Safety on intercity railroad lines
In some cases, new LRT lines (or regional passenger rail trains) are routed predominantly in the same basic alignment as long-established, familiar freight railroad trains. The public may be accustomed to the freight operations, but the passenger services tend to be significantly faster, quieter, and more frequent, especially during daylight hours. In addition, in some cases there may be significant speed increases in freight rail operations (because of improvements to the alignment).
These problems besetting fast surface transit operations — particularly with motorists and pedestrians crossing tracks despite signals, crossing gates, and warning devices indicating danger — also jeopardize the safe operation of intercity passenger trains (almost always Amtrak) in metro areas. The major problem is that, in contrast to European practice, American transportation officials have generally given no thought to the safety implications of allowing new level crossings to be laid (or expanded) across surface tracks, whereas grade separations (under- and overpasses) are commonplace throughout Europe.
The problem is serious. According the nationally renowned U.S. rail safety program Operation Lifesaver, every three hours a person or vehicle is hit by a train. Over the past three decades, however, in part because of enhanced attention to safety, the annual number of collisions has declined dramatically — from 9,461 in 1981 to 1,956 in 2011.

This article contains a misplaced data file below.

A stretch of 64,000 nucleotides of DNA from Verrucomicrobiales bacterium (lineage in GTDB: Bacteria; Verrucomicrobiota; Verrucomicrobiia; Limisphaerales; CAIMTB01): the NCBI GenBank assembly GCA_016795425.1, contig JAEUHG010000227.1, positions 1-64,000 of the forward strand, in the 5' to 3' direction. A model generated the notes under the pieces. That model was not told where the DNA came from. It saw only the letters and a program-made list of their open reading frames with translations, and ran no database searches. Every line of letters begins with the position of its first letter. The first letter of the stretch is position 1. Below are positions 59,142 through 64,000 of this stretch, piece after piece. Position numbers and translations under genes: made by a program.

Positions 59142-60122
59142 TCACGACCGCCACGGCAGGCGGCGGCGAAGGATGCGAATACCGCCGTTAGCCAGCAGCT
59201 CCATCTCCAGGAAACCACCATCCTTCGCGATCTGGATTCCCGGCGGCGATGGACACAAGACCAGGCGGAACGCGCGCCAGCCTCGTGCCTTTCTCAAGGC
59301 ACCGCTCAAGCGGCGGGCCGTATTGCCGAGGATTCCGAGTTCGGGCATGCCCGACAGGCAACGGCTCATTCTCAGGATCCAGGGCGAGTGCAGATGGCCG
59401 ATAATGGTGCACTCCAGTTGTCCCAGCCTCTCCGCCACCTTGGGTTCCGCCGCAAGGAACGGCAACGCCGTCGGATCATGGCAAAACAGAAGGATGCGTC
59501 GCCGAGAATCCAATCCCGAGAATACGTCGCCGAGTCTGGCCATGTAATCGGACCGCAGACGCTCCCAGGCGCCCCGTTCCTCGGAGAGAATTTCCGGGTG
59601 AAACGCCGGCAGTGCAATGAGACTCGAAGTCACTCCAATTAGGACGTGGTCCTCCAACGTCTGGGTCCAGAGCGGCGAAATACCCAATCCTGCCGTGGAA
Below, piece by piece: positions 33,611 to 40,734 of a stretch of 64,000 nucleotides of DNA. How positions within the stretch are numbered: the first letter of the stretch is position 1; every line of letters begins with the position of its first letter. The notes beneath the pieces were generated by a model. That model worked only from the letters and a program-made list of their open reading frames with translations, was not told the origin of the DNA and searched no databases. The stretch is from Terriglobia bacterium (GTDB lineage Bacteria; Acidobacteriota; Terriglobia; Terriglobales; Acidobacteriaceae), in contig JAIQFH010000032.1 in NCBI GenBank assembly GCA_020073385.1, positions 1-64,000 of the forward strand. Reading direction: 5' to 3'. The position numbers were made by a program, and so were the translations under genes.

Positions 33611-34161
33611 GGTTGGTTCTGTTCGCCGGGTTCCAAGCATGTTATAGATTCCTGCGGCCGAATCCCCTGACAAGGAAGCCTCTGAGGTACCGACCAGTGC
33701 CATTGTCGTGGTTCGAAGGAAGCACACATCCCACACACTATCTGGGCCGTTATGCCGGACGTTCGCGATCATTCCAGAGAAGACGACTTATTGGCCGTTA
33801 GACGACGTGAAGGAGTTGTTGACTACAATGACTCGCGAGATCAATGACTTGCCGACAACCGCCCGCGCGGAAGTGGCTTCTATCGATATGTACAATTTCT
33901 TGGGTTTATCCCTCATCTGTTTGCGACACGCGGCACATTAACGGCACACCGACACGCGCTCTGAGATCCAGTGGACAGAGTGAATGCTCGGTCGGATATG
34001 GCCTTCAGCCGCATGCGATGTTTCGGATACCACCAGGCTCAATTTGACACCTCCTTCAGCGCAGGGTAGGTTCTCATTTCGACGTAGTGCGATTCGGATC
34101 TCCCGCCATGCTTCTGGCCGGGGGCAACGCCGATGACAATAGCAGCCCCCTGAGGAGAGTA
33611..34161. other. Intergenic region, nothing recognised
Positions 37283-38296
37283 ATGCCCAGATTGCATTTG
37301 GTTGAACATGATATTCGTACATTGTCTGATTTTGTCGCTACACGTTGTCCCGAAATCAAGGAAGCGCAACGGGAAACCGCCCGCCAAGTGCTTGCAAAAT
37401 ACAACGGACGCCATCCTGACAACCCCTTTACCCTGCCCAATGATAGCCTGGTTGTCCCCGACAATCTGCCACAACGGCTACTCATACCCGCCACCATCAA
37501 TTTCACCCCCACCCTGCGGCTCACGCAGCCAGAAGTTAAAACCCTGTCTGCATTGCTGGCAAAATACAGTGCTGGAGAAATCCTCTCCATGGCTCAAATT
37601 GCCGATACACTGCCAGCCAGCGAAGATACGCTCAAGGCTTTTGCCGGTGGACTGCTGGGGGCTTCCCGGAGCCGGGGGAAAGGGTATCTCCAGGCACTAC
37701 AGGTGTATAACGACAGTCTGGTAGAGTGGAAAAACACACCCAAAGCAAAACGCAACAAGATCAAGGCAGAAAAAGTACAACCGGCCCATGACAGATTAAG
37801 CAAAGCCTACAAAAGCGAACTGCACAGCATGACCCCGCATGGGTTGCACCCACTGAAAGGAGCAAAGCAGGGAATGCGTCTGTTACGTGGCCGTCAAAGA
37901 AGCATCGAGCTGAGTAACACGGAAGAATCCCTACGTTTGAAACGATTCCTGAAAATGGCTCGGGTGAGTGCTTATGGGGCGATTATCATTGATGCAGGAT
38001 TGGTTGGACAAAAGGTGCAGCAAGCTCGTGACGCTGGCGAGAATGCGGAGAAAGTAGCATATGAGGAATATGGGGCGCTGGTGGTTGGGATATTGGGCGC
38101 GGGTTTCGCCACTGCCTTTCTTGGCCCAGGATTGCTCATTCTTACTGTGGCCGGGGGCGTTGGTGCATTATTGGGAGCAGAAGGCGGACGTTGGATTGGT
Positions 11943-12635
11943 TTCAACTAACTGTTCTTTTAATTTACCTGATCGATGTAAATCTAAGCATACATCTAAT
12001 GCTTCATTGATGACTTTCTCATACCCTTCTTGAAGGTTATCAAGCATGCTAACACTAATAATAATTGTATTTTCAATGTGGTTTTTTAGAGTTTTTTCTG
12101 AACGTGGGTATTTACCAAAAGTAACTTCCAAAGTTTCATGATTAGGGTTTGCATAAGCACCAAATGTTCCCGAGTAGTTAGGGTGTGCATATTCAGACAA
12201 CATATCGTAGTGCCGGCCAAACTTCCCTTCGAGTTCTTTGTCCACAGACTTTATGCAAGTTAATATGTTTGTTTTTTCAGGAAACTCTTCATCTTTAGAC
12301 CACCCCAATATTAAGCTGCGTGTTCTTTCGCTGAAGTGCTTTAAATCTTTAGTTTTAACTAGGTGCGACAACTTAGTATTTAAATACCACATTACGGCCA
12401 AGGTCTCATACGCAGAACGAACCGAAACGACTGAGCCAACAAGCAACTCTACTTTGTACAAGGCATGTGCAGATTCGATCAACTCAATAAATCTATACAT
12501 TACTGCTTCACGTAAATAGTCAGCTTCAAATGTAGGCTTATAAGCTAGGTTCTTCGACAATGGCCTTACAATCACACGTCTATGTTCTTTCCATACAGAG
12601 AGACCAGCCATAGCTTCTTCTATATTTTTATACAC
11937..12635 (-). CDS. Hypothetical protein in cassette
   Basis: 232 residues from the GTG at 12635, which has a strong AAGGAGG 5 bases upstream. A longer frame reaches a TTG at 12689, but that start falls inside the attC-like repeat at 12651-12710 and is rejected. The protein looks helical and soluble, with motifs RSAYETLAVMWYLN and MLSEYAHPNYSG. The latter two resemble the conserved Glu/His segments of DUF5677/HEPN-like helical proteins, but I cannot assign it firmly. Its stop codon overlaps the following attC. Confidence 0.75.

Another persistent problem in rail safety is that young people are not routinely taught in school (as they were decades ago) about the dangers of crossing or walking along railroad and railway tracks. Consequently there are numerous railroad track accidents, often tragic, involving youths. Some of the more common safety violations include:
• Youths getting caught by trains as they're walking over narrow trestles on active railroad lines
• Youths being struck because they were wearing earbuds or headphones, listening to loud music, and thus failing to hear an approaching train
• Youths oblivious to approaching trains, either as they cross tracks or walk along them, because of talking or texting with a cellphone (at least one heartbreaking case, in Austin, Texas, involved a deaf young woman texting as she walked in the tracks of the main line of a major heavy-traffic railroad, with a train approaching behind her)
• Youths lying down in tracks, sometimes falling asleep, in some cases after using alcohol or recreational drugs.
In the context of today's obsession with austerity in government funding, and a tendency to disparage the role of any government programs, the outlook for aggressively upgrading rail safety through vigorous government action is not currently propitious. However, this could change with a shift in political orientation on the American landscape. By making their opinions heard, segments of the public to whom rail safety is a strong concern could influence major new policy initiatives in the event that major political upheavals do occur.
Lyndon Henry is a writer, editor, freelance investigative journalist and analyst, and transportation planning consultant. He produces the Writing Perspectives blog:
Originally published: 2012/03/20